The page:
Alaska Gets First Full-time Civilian Rabbi
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Alaska Gets First Full-time Civilian Rabbi

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Rabbi Lester Polonsky became the first full-time civilian rabbi for this city’s Temple Beth Sholom when he was installed last Friday. Although it is a Reform congregation, the rabbi, who arrived here last July with his wife, Helene, and their young son, Seth, from Queens, New York, said, “we will service whoever wants to be served.”

Temple Beth Sholom was organized in 1958. Over the 20 years until Polonsky arrived here, the congregation had been dependent on services of the Air Force rabbi assigned to Elmendorf Air Force Base. Polonsky has the double distinction of being the first civilian rabbi in Alaska and of having his first full-time congregation.

Polonsky began his rabbinical studies with a year at Hebrew Union College-Jewish Institute of Religion in Jerusalem in 1973. A native of Boston, he graduated from high school in 1969 and attended DePaul University and Spertus College of Judaica in Chicago for three years, graduating from both in 1973. During his studies at Hebrew Union, he saw a list of congregations in need of rabbis “and on the top, in alphabetical order, was Anchorage, Alaska,” he told The Anchorage Times. During a trip to Anchorage last April he said he fell in love with Alaska.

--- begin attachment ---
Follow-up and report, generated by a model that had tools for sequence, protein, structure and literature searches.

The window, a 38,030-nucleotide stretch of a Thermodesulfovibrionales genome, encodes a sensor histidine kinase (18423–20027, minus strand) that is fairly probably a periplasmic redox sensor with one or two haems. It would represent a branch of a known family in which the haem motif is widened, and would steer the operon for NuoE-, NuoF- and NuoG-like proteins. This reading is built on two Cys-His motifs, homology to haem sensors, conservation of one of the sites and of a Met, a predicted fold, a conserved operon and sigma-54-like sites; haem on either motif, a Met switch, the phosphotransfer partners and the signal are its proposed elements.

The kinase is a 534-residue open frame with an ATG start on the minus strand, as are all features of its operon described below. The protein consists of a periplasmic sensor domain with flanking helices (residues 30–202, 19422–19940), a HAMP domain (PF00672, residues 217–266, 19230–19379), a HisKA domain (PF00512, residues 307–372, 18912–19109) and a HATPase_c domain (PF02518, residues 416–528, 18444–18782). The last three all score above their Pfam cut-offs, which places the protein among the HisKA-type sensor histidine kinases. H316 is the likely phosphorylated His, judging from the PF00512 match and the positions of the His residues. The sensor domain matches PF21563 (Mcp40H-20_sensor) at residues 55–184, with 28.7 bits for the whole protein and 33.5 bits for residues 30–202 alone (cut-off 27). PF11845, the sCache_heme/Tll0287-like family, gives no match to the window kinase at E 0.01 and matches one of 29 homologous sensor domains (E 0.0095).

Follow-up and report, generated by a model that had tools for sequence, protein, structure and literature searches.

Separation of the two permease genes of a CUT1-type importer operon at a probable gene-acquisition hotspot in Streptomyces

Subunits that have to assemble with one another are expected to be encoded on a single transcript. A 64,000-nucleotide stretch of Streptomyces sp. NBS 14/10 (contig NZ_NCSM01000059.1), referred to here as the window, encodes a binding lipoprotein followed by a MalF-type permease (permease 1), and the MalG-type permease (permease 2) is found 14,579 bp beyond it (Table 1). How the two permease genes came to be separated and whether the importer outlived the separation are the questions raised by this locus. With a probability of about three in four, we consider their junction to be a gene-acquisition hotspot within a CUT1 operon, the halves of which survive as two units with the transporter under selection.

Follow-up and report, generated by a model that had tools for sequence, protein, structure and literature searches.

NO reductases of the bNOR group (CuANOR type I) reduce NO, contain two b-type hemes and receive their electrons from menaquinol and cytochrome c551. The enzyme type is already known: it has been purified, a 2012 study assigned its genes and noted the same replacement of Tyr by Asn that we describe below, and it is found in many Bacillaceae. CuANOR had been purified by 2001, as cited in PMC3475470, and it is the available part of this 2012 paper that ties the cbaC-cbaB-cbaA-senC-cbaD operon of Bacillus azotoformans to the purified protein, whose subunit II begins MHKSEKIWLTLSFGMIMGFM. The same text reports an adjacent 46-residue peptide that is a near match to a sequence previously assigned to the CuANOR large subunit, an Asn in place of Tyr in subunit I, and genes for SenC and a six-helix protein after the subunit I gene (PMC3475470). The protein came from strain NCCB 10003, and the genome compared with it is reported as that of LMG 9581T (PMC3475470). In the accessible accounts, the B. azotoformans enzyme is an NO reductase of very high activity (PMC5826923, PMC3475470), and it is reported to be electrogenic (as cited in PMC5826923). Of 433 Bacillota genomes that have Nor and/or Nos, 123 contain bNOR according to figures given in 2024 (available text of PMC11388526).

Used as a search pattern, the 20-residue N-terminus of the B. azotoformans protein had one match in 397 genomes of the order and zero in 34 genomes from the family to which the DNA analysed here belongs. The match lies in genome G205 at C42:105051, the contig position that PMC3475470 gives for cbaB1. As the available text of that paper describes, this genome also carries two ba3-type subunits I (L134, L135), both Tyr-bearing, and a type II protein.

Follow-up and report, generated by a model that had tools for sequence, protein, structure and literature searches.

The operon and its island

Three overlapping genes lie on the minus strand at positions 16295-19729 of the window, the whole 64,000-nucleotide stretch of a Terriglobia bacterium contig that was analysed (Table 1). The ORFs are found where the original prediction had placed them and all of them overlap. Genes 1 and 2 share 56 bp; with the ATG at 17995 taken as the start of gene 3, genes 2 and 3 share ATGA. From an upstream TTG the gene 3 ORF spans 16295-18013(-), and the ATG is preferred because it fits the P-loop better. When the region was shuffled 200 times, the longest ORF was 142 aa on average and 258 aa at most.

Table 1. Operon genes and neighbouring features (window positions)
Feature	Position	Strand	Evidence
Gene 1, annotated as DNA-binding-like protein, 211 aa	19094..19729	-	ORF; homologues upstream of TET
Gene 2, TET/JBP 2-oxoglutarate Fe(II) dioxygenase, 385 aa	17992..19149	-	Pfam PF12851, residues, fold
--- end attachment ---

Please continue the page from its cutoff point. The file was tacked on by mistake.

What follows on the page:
While this is Polonsky’s first full-time congregation he had served as a rabbi earlier. While in rabbinical school in New York he traveled every two weeks to serve as rabbi in Macafee, New Jersey, and also served as a rabbi to a congregation at the Jewish Home and Hospital for the Aged in New York, he told The Anchorage Times.

Polonsky’s duties here include working with the congregation’s adult education program and its religious school. The school had been meeting only on Sundays, but will now meet twice a week, he said. He will also work with the youth group at the temple and with the congregation’s Bar and Bas Mitzvah classes and conversion classes.

In his letter of acceptance of his position at the temple, written to Ray Ellis, president of Congregation Beth Sholom, Polonsky wrote that he looks forward to this new position “with great excitement and high hopes. With the cooperation of the congregation, we will continue to build a strong Jewish community in Anchorage.” Polonsky was installed by Rabbi Morris M. Hershman of San Francisco, the regional director for the Northern California and Pacific Northwest councils of the Union of American Hebrew Congregations.

There will be no Bulletin dated November 23 due to Thanksgiving, a postal holiday.

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